THE rapid acceleration of renewable energy into the national electricity grid has led to a series of "critical" issues that need to be addressed with "absolute urgency", the federal government's Energy Security Board has said in reports published yesterday that say the electricity market needs a major overhaul rather than "a band-aid solution".
The major report, Health of the National Electricity Market 2020, proclaims a slight improvement in some of the six measures the board uses to assess the state of the grid.
But it says keeping the power supply within its "required parameters" is becoming "harder as variable renewable generation increases its presence in the NEM (National Electricity Market)".
We need more than a band-aid solutionEnergy Security board chair Kerry Schott
New energy security board (ESB) papers on the grid after 2025 say demand management - including encouraging big power users to reduce or cut their demand at times of peak use - will be key to keeping the system running as operators and transmission companies deal with the unpredictability inherent in growing levels of wind and solar power.
The 2020 report said the "instantaneous" or underlying contribution of wind and solar was often about 50 per cent of total electricity consumption in the middle of hot, sunny days, while its annual contribution was about 16 per cent of total output.
It said there was no reason renewable energy could not provide up to 75 per cent of peak daily power needs, provided a series of technical challenges were overcome.
"Beyond 2025 there are no insurmountable reasons why the NEM could not operate at higher levels of penetration of renewable resources given the progress in technology worldwide," the health of the market report said.
As things stood, problems in maintaining the grid at its correct voltages and its alternating current (AC) frequency of 50 cycles per second had "increased with the growth in behind-the-meter [rooftop solar] and utility-scale weather-dependent generation along with an ageing and less reliable thermal generation fleet".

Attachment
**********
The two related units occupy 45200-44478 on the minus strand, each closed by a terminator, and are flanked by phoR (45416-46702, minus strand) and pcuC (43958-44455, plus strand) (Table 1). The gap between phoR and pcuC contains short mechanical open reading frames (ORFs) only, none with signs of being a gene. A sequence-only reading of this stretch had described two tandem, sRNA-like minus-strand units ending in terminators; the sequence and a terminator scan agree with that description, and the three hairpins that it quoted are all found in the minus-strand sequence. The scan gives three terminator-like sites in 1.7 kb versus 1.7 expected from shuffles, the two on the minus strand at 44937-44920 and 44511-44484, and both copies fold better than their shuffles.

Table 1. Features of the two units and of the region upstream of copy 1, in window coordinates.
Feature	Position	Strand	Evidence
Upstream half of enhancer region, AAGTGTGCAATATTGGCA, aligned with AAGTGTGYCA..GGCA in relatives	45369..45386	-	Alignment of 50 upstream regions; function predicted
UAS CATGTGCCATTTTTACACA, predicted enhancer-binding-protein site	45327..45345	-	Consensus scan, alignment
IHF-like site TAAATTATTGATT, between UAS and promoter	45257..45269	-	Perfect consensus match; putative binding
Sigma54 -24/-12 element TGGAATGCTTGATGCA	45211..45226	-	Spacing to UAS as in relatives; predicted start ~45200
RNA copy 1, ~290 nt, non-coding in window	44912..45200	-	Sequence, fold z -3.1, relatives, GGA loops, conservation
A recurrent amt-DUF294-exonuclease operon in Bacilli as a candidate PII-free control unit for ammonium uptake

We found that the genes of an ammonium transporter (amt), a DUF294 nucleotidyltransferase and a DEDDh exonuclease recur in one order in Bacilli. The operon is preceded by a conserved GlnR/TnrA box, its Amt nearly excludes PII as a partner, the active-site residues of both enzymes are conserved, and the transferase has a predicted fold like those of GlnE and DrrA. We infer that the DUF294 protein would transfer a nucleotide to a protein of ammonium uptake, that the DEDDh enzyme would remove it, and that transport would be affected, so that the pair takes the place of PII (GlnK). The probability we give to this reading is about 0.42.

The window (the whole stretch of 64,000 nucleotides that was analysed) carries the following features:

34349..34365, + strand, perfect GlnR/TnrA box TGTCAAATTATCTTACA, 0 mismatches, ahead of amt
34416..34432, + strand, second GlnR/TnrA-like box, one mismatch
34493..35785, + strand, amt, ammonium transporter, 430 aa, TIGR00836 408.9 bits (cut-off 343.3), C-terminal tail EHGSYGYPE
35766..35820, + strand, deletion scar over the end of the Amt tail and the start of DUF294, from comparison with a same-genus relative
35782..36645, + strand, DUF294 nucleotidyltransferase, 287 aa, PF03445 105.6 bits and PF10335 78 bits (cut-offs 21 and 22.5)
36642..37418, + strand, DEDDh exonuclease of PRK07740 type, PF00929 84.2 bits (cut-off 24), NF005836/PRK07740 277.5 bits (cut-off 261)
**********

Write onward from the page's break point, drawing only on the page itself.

The report said there were ways to manage the issues but "efficient solutions" were complicated by "the significant pace of change".
Yesterday's reports note that the national electricity market was designed around the era of base-load coal-fired power stations, which are designed to operate for long periods of time at more or less set outputs.
Competition between generators was based on prices set according to bids received in advance from base-load power stations.
Terminology is changing but base-load stations became known as "dispatchable" power sources: solar and wind farms became "non-dispatchable" sources.
New technology has helped wind and solar farms to manage and predict their outputs: regulators now often describe solar and wind farms as "semi-scheduled", with coal-fired stations being "scheduled" generators.
Initially, AEMO accepted everything that solar and wind farms could produce, and paid them at a rate set by bids from coal-fired stations.
Critics say this has given renewable generators an unfair market preference over coal-fired stations, and there have been calls for renewable projects to store all of their produced power in batteries, and to bid their battery power into the market in the way that the national market was designed.
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Yesterday's reports confirmed that work was under way on means of "curtailing" or limiting solar and wind output to stop the grid being accidentally overloaded.
The chair of the ESB, former treasury adviser and Sydney Water CEO Kerry Schott, said progress had been made in "reliability, emissions reduction and network investment"
"But affordability for some consumers, system stability and the lack of investor confidence are critical things to face," Dr Schott said.
"We need more than a band-aid solution. Everyone agrees that energy supply and security problems are urgent priorities to address."
The first ESB market health report was published in 2017 and grid security has been regularly described as a "critical" concern.
The new report said power demand fell noticeably because of COVID-19, but concerns about "involuntary load shedding" - or blackouts - remained, particularly if unexpected peaks came at times of low renewable output.
The report predicted "a possibility of increased wholesale market price volatility".
"This is because higher-cost dispatchable generation or storage will be operated to fill the gap left by coal-fuelled generation at times that insufficient renewable generation is available," the report said.